Frankly, I was less than surprised that Energy has a different viewpoint on the origins of COVID and the Wuhan Lab than most other agencies. They relied on their sources and viewpoints and came up with an answer. It disagreed — and agreed — with other IC members.

To an experienced intelligence hand this is no surprise. To the rest of the normal world looking for an answer it’s a big surprise, viewed as either biased or unclear.

The judges of the IC delivered a split decision — with no resolution in sight.

The latest syndrome

In another split decision, Havana Syndrome is still yet to be resolved. It appears that the CIA and others have done an extensive and sympathetic job trying to sort through the hundreds of cases of Havana Syndrome — and, after long review, they have determined it was not caused by directed energy from a foreign power. But, still no definitive answer.

Again, to this experienced intelligence hand, it seems that after looking through as much evidence as possible, they simply can’t come to a conclusion. Less a split decision than a draw.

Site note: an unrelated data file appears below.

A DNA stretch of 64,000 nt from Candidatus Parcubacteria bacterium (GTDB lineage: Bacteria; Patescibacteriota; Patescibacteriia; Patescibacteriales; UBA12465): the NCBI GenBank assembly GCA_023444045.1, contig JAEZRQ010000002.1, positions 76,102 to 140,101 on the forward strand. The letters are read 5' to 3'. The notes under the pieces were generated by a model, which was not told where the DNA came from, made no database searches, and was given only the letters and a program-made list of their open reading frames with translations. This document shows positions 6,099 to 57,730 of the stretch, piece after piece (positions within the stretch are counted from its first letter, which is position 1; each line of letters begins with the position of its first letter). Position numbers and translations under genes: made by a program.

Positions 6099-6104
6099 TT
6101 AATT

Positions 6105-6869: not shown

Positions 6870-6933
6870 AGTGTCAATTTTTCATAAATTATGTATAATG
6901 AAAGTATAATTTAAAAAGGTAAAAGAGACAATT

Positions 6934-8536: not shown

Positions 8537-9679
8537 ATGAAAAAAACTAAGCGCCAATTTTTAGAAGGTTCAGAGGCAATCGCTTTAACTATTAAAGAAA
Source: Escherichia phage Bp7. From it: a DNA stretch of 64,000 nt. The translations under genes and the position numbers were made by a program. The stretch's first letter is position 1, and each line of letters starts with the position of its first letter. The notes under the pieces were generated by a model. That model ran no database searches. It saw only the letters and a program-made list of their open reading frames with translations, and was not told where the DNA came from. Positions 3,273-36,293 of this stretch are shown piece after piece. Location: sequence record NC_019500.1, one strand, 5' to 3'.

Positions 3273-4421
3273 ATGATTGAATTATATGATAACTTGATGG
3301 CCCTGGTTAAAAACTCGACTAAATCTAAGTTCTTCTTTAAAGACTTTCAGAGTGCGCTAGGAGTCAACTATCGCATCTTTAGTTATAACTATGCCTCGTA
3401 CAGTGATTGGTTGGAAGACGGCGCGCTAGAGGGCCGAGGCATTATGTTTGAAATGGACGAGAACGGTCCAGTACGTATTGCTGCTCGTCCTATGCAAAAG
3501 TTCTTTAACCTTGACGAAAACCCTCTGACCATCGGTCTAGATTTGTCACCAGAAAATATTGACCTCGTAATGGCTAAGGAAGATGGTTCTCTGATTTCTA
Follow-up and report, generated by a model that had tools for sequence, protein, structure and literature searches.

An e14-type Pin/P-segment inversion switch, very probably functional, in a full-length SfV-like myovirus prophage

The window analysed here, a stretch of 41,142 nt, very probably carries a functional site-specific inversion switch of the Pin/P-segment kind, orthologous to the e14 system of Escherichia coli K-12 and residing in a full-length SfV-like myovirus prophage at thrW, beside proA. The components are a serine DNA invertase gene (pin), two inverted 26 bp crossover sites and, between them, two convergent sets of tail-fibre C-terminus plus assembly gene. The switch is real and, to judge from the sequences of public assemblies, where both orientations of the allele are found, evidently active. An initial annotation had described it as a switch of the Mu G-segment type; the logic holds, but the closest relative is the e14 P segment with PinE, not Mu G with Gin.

As someone who has been in the business for four decades, this is also a familiar story — controversial issues such as the apparent presence of POW’s in post-war Vietnam and the nettlesome, hard-to-pin-down Gulf War Syndrome. So let me suggest that before we stick a pin in Havana Syndrome and move on, we understand that we may not yet have all the facts.

And we don’t yet have the clarity of time and sorts of facts to make any final judgments. Both the POW issue and Gulf War Syndrome took decades to settle.

D.C. policymakers must be wary

First a warning — for a policy maker who needs to make a decision, there is another danger of reading intelligence analysis, especially on split decisions. First, you must always question the analytical underlying assumptions. Ceding only to the analytical written word is fraught with danger.

Let me remind you: In the 2003 Iraq-Saddam War, the IC kept asking what kind of WMD Saddam had — not whether he did. That misstep focused policy makers in a way to view evidence in one manner, ignoring or dismissing contrary evidence — of which there was plenty. You must be a wary consumer.

Another danger for Hill policy makers is accepting the analysis at face value because pressed by time — the “we got that off our plate” syndrome.